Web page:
Per Aspera Ad Astra

Charlie in the courtyard of Saint Peter's College
At 1.30pm on Saturday, Jim filled two suitcases with copies of
his book and loaded them into the back of the black car. We drove to the train station to the sounds of Louis Jordan and His Tympany Five, which CD has become Charlie's new musical favorite over Coldplay, U2, and everyone else who was on his iPod. We waved Jim off and, two minutes after returning home, Charlie wanted to go out again. I hemmed and hawed and then suggested swimming, which Charlie said a hesitant "yes" to. We got back in the car and headed to my college in Jersey City. We'd just gone over the Pulaski Skyway and seen two newly dented cars (and a third car—a police car) at the base of the Broadway on/off ramp when my phone rang. 

It was Jim: The train had stopped after two stops and everyone had to get on a bus. It was warm and humid and, while I'm sure every passenger was "disgruntled," I suspect only Jim had two roller suitcases each containing 20 books and a laptop to drag around. The trip into New York had taken over two hours and, when he got there, there was traffic everywhere. I told Jim to forget about using the subway, get a cab, nothing mattered except being ready for speaking here, how fortunate he'd decided to catch an earlier train. And wished fervently that Charlie and I could be lugging one of those suitcases behind us, but much as we like to take Charlie everywhere we can and while I was dying to hear Jim talking at this particular venue, this was one of those events that might be more than too much for ye typical 12-year-old boy looking for a lazy Saturday. 

(Yes I know I can hear Jim talking all the time, but sometimes you just have to be there.)

Jim told me he was getting a taxi, Charlie and I made it the pool, where three swimmers were doing laps and four students (one of them must have been the lifeguard) sitting several feet from the edge. The tiles around the pool were wet and a huge circular fan was stationed by the entrance. Rap music boomed over the speakers but Charlie didn't put his hands over his ears. He smiled and slowly got into the pool, and I coaxed him to swim six laps (Charlie has not seemed as inclined to swim as he did when he was younger, though his love for the water is as strong as ever). Afterwards we early birded it at this diner and then drove around downtown Jersey City, which is right across from lower Manhattan. We got in one fast glimpse of the Hudson River before turning towards home (and passing a storefront that read, appropriately, Waterfront Liquors). Charlie and I shared another sunset walk after which he told me "bedtime" and instructed me to spread his little blue fleece blanket (which is no longer fleecy) on his bed.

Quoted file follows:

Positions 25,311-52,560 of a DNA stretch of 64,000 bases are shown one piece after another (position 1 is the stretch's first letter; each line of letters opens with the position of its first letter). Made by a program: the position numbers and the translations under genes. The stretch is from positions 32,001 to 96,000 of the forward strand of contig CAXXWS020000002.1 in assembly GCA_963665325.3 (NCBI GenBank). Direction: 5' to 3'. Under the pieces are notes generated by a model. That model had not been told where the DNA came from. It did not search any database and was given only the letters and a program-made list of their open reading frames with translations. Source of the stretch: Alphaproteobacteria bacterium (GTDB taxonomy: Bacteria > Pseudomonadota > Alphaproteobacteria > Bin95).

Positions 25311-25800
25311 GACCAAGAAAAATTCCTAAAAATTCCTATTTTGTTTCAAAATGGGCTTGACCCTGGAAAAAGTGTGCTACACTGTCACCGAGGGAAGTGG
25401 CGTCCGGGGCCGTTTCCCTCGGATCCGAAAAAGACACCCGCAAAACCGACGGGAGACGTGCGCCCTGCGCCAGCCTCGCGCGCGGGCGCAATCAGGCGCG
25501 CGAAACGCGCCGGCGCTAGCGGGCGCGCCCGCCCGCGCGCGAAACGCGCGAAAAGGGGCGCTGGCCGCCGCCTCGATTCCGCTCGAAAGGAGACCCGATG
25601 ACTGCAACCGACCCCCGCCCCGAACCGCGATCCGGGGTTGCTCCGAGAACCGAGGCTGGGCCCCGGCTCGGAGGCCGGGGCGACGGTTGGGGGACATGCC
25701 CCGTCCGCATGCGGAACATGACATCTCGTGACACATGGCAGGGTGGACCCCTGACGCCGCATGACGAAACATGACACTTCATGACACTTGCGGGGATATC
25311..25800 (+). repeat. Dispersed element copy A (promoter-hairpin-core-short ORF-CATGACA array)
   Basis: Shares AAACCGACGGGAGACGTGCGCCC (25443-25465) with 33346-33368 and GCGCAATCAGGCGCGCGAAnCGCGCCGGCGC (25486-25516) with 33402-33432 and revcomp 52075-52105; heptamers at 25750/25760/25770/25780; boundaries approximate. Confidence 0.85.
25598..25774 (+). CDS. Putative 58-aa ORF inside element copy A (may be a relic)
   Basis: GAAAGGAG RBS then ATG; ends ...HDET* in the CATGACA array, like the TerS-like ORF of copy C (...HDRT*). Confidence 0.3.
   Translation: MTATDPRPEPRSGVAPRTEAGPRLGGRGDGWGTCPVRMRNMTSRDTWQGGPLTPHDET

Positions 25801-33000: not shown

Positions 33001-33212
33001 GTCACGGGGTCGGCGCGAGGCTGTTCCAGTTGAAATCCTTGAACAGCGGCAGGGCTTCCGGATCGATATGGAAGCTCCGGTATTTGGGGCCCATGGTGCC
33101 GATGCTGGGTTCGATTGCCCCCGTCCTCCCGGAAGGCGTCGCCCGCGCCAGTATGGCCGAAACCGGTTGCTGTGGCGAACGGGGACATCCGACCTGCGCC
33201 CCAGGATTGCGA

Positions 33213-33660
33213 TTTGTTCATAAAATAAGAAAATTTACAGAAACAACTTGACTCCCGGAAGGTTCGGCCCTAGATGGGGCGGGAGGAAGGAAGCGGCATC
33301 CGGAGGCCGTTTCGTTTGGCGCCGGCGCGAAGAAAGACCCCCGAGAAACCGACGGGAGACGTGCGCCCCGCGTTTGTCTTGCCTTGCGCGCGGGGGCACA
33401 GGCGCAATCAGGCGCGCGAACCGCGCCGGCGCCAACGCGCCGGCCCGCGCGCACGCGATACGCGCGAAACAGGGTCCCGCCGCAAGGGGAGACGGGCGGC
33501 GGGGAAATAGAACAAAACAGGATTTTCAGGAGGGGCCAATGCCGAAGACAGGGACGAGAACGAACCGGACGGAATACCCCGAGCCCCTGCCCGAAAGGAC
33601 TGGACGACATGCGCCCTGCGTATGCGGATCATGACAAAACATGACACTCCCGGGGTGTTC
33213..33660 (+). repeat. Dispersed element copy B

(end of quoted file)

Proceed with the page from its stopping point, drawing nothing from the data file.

I was heating up my leftovers from the diner when Jim called. He'd sold every book. Some 70 people were in the audience. Friends wanted to take him out to celebrate. 

A rocky start to rough (aspera) times and then a starry (astra) ending: If we can just endure the hard times, things can turn out better than we might ever have hoped; perhaps we'll even gain something more at some point by recalling them. I guess it is a bit of a cliché but in the face of adversity (an NJ Transit conductor's order to get off the train; a school situation gone messy beyond belief), you've gotta hope it'll all work out. 

Because I've got my two boys, I know it will.

heading east down Montgomery Street, Jersey City

5 Responses to “Per Aspera Ad Astra”
  1. karen d says:

    Your optimism is inspirational. Hooray for a great day and for Jim selling all those books. Just awesome. 🙂

  2. Monica says:

    Per aspera ad astra … you are ALL super stars! I feel so privileged to know you.
    (Selfishly), I’m glad I went to Jim’s Barnes & Noble appearance earlier this week, rather than the NYU one, because I probably wouldn’t have been granted much “face time” (the B&N one was much smaller). I enjoyed it so much!
    This is so exciting!!

  3. good news on Jim selling all his books. Good thing they got on a bus quickly into NY instead of being stranded on the train like airplanes do. I noticed the diner was on one of Nicks fav shows on food network.

  4. autismvox says:

    Thanks friends—-we are excited!
    And hopeful, ever.

  5. autismvox says:

    Thanks friends—-we are excited!
    And hopeful, ever.

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